Link Posted: 11/24/2022 3:33:30 PM EST
Damn, he was full of fight

Link Posted: 11/24/2022 3:35:57 PM EST
Total badass!
Link Posted: 11/24/2022 3:40:27 PM EST
One could say he slowly nipped away at the enemy.
Link Posted: 11/24/2022 3:42:25 PM EST
My father's brother was an Army AmTrac driver. He was KIA on D Day 15 June 1944. He as delivering Marines from 2/8 in the first wave.
Link Posted: 11/24/2022 3:46:45 PM EST
Sad story but he was one bad-assed MFer.
Link Posted: 11/24/2022 3:50:35 PM EST
One bad dude
Link Posted: 11/24/2022 3:51:54 PM EST
1911: assault weapon
Link Posted: 11/24/2022 3:55:45 PM EST

One bad dude.
Link Posted: 11/24/2022 6:36:09 PM EST
If he’d had a P-35, there would have been 14 IJA laying dead at his feet!

Link Posted: 11/24/2022 6:39:41 PM EST
Damn, he was full of fight

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Total badass!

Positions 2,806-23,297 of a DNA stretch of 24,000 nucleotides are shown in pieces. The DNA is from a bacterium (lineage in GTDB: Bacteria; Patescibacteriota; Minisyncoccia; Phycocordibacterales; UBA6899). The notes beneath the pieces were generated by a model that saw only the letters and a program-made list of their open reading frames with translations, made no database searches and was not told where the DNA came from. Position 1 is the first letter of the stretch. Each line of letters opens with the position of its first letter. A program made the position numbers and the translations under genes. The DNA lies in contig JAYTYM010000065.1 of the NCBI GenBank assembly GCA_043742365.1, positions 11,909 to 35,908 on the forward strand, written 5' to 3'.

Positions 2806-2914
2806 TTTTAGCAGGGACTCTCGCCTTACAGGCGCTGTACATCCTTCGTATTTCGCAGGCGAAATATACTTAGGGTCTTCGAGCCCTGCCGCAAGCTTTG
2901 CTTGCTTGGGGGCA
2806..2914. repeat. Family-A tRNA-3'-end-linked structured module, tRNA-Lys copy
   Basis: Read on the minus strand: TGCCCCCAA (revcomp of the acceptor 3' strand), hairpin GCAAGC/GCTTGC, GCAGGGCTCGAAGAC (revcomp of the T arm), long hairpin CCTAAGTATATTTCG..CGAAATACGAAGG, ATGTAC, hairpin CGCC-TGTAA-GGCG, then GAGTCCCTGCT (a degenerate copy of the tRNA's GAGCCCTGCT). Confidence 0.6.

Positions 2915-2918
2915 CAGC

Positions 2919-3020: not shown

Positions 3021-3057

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This. Rest easy badass
Link Posted: 11/24/2022 6:43:06 PM EST
Link Posted: 11/24/2022 6:46:35 PM EST
Over 70 years later, and his deeds are still being talked about.  I think that any warrior culture would be pleased to have one of it's people's' exploits spoken of over 70 years later.
Link Posted: 11/24/2022 8:27:48 PM EST
Discussion ForumsJump to Quoted PostQuote History
Over 70 years later, and his deeds are still being talked about.  I think that any warrior culture would be pleased to have one of it's people's' exploits spoken of over 70 years later.
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hell yes.

Link Posted: 11/24/2022 8:35:58 PM EST